“Leonard’s take on Kennan renewed in me the thrill of revisionist history—the domesticated drama of seeing the world each day anew through the eyes of the aggrieved—and reminded me of why we are friends.”

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Tuesday, June 16, 2015

Book Talk: IN THE UNLIKELY EVENT by Judy Blume

Knopf (June 2, 2015), Hardcover (ISBN 1101875046 / 9781101875049)
Fiction, 416 pages

A version of this discussion was previously published as a "From My Shelf" feature in Shelf Awareness for Readers (June 12, 2015). Shelf Awareness provided me with a publisher-furnished galley to facilitate the review and compensated me for the feature they received and posted.

book discussion IN THE UNLIKELY EVENT Judy Blume fiction 3Rs Blog

That pre-flight safety advisory probably feels a little more ominous to someone who’s had some personal experience with the “unlikely event” it cautions about. As Judy Blume’s novel In the Unlikely Event opens, Miri Ammerman is nervously boarding a flight to Newark. She is returning to her hometown of Elizabeth, New Jersey for a ceremony marking the thirty-fifth anniversary of the three successive plane crashes that occurred there during the winter she was in the ninth grade...and hence the nerves. Granted, plane crashes are unlikely. Three in a row, in the same town, is unfathomable. The city of Elizabeth knows all too well it's not impossible.

In the Unlikely Event is Blume’s first novel for adults in over 15 years, but it’s been on her mind for more than five decades. Like Miri and several other characters in the novel, Blume was an Elizabeth, New Jersey teenager when, in fact, three unrelated airplane disasters between December 1951 and February 1952 killed over 100 people, closed down Newark Airport for nearly a year, and frightened and confused an entire city.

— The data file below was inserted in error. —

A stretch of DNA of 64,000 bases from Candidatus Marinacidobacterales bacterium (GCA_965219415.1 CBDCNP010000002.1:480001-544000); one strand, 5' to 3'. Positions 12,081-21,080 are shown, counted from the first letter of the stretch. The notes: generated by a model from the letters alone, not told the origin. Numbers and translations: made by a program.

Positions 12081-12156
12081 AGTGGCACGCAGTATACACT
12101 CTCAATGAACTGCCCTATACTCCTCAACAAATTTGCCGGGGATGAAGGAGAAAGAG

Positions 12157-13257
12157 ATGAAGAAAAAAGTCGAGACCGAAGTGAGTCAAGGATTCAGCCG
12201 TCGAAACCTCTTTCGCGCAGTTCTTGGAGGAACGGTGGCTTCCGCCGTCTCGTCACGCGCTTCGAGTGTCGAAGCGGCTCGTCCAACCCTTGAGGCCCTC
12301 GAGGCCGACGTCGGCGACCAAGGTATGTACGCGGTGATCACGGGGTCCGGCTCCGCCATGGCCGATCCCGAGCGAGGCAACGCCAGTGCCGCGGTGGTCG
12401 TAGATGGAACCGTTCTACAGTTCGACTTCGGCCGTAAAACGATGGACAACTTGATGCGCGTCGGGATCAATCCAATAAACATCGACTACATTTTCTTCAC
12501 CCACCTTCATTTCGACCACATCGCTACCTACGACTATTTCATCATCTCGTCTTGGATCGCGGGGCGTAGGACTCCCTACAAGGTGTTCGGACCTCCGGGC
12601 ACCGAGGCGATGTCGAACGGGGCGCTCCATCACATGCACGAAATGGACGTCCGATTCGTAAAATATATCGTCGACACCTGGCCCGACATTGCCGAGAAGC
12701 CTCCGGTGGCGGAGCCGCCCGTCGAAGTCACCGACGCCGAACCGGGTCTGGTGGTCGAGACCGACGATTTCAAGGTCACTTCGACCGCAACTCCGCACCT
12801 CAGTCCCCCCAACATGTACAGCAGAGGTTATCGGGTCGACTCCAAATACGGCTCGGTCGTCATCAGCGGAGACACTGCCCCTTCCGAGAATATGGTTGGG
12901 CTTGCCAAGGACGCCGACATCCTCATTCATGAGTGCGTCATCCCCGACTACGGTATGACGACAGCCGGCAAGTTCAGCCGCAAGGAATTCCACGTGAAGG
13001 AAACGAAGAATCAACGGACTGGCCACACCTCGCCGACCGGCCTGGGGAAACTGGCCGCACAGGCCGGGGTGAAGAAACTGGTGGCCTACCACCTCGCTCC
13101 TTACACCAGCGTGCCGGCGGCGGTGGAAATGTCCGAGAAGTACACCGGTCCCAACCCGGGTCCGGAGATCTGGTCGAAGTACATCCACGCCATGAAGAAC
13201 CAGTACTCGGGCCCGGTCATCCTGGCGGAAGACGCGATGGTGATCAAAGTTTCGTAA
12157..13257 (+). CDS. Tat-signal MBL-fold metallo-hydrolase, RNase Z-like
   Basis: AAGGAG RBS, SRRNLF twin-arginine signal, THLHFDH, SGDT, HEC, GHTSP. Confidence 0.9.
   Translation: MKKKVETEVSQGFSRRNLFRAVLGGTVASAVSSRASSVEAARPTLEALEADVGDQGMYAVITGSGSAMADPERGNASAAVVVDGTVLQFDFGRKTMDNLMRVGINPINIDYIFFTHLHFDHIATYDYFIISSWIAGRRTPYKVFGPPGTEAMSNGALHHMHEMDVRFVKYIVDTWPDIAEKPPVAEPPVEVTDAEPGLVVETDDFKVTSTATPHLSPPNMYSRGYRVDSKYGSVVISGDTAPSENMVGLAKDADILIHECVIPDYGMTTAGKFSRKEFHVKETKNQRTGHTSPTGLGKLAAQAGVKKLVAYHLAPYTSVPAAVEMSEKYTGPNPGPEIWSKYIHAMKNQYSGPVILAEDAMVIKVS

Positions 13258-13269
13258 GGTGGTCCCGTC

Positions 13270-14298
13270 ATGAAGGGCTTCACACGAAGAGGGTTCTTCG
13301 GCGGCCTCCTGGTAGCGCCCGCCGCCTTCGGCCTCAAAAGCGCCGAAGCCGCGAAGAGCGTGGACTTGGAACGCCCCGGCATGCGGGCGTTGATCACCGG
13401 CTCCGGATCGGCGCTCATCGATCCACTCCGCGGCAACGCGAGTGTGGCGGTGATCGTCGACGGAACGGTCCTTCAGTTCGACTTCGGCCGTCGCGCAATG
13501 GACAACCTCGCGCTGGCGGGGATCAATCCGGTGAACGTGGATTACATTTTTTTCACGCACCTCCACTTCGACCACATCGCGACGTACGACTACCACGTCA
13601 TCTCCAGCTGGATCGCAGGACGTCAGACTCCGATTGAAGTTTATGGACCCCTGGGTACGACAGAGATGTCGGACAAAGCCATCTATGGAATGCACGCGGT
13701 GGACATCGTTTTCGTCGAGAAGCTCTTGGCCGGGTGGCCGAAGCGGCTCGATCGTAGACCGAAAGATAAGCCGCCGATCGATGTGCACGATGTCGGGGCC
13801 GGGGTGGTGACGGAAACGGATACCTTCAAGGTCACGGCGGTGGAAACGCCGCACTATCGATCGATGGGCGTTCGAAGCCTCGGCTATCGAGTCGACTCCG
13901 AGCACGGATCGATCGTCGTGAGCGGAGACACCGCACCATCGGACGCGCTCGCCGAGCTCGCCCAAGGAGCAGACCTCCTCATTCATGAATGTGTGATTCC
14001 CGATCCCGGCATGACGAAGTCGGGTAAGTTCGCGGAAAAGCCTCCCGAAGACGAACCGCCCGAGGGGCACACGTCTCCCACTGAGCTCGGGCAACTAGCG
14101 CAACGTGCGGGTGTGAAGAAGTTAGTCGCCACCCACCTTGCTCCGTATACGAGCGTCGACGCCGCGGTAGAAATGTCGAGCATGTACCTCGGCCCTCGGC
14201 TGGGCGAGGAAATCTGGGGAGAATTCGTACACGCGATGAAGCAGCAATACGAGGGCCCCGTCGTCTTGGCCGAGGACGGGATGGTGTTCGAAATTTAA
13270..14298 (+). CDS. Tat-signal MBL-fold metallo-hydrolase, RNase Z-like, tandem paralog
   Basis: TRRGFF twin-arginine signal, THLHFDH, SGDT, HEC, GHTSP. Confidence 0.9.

Blume has long been beloved (and occasionally banned) for her children’s and young-adult fiction. In the Unlikely Event is only her fourth adult novel, and while she’s not known for historical fiction with multiple viewpoints and dozens of characters, it’s less of a departure than one might imagine. Yes, it’s about how a town is affected by a series of disasters, but more than that, it’s about how everyday life goes on despite those disasters, and about how the personal dramas and concerns of teenagers tend to occupy most of their attention, regardless of what’s happening around them (or what decade it is).

Miri and her friends talk and speculate about the crashes, but they also talk about boys. They go on dates, fall in love, and fear accidental pregnancy. They worry about their families and argue with their parents. They are growing up in uncertain times and trying to make sense of them. These are things that Judy Blume has always written about, and what we have here is indeed, as the publisher's blurb puts it, vintage Judy Blume.

In the Unlikely Event vividly evokes its mid-century, New Jersey/New York setting. The facts of the plane crashes are well-researched and seem to be accurately depicted. The interactions between both Blume's teen characters and their elders feel honest and authentic, and the essence of this novel lies in that--the events that resonate most here are the events that are not unlikely at all.

In her highly anticipated new novel, Judy Blume creates a richly textured and moving story of three generations of families, friends and strangers, whose lives are profoundly changed by unexpected events.